Contentious probate solicitor Jack Dray looks at the time limit for making an Inheritance Act claim?
Claims under the Inheritance (Provision for Family and Dependants) Act 1975 should be made within six months of the date of the Grant of Representation: see section 4 of the Act.
It is therefore vitally important to ensure that you have investigated and prepared for case in good time so that you are able to issue your Inheritance Act claim in court within the six month period.
However, life does not run smoothly and claimants are not always able to comply with the time limit. So what happens in these cases? And can an Inheritance Act claim still be made after the expiry of the six month deadline?
The good news is that late claims can be brought, as long as the court believes that it is reasonable to extend the time limit in that particular case.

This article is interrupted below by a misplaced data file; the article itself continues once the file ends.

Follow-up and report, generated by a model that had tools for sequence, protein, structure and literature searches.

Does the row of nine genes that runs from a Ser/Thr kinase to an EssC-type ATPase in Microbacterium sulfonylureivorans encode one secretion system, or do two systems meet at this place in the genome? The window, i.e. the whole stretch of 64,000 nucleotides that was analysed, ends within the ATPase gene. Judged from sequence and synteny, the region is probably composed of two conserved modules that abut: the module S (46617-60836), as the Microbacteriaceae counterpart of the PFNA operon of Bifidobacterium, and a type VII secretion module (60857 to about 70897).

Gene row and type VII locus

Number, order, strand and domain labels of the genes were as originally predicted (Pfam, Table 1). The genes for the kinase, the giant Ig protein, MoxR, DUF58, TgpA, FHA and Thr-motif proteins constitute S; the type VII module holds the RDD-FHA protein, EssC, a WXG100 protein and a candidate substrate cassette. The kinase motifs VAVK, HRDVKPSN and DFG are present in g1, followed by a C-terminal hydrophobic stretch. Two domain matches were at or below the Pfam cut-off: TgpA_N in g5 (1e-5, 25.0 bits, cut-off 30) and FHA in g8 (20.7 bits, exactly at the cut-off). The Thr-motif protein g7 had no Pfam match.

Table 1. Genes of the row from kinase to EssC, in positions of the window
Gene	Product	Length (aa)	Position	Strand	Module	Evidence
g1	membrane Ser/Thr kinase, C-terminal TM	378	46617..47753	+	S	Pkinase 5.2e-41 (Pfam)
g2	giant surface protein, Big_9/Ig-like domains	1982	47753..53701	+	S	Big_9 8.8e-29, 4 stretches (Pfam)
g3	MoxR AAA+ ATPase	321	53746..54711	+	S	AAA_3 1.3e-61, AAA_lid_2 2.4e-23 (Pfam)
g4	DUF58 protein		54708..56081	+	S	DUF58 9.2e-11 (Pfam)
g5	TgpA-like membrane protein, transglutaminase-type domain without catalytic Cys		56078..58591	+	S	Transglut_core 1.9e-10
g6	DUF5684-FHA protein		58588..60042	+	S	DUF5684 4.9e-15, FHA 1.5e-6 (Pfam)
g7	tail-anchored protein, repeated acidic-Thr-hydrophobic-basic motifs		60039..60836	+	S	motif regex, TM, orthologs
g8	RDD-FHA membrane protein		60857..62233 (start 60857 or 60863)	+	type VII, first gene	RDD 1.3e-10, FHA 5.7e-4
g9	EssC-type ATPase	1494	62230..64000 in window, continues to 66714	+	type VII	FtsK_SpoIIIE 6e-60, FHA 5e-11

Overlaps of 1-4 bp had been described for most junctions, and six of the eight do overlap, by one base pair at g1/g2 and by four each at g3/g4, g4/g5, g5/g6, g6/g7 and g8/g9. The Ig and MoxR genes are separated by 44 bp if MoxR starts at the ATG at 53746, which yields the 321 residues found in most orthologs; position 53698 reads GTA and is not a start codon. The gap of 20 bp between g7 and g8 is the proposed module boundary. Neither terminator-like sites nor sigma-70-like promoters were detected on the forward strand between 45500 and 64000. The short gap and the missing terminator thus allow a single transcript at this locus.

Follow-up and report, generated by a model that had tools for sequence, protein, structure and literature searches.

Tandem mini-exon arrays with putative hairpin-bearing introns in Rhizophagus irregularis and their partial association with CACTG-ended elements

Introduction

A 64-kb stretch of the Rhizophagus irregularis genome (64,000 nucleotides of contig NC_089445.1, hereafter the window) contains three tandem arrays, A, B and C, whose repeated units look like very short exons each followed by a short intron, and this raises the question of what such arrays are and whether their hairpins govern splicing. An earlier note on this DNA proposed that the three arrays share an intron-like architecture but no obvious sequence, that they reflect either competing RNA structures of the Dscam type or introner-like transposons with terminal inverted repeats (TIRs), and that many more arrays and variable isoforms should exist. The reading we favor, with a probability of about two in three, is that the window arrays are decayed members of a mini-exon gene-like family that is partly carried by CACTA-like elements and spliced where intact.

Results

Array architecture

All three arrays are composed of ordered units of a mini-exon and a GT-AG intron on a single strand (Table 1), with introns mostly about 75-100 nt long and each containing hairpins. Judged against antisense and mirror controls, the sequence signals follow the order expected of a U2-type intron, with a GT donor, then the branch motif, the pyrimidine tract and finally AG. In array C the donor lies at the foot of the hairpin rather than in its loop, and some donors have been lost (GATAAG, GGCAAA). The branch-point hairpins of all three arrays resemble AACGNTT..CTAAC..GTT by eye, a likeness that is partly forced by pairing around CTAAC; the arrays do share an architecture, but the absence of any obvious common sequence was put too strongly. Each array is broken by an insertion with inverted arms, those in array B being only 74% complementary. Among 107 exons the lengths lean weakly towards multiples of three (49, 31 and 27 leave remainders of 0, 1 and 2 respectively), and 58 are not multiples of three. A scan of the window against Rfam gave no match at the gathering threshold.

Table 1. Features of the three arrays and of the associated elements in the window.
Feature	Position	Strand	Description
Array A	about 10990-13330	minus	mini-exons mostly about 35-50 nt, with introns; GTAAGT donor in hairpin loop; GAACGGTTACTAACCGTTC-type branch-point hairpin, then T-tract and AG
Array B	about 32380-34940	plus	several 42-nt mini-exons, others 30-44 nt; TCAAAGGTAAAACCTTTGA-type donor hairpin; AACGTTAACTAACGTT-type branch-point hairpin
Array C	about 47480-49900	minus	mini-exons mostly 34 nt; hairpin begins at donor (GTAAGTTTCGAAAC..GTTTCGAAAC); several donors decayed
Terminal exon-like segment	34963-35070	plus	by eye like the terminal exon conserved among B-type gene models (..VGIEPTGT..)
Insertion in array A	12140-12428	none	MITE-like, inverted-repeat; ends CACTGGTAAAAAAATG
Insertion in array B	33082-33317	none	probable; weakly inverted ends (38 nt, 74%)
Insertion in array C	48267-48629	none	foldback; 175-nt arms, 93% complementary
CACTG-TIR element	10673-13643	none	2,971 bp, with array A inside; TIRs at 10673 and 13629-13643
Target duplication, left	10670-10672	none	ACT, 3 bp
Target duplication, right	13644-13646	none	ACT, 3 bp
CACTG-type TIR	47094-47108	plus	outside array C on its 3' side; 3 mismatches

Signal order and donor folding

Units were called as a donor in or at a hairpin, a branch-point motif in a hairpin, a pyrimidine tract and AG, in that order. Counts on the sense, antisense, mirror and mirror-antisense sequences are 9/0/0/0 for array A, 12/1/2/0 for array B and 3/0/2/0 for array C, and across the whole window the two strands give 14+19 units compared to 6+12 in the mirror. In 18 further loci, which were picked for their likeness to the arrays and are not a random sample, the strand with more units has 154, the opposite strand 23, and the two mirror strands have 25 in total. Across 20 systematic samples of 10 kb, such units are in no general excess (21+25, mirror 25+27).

So, if you find yourself in the position where you are out of time for making a claim it is vital that you act quickly and speak to an expert inheritance dispute lawyer as soon as you can about making an application to the court for permission to make a late claim.
Our lawyers specialise in Inheritance Act cases and are highly experienced in pursuing late claims. We are therefore familiar with the situations in which a court is likely to give permission for the six month period to be extended. The factors that a court is likely to take into account include:
- the reasons for the delay;
- how promptly the application to extend time is made;
- whether settlement negotiations have taken place;
- whether the estate has already been distributed; and
- the merits of the claim.
If you need guidance on the time limit for making an Inheritance Act claim, or need help with asking the court to extend time then contact our free legal helpline. Call 0333 888 0407 or email us at [email protected]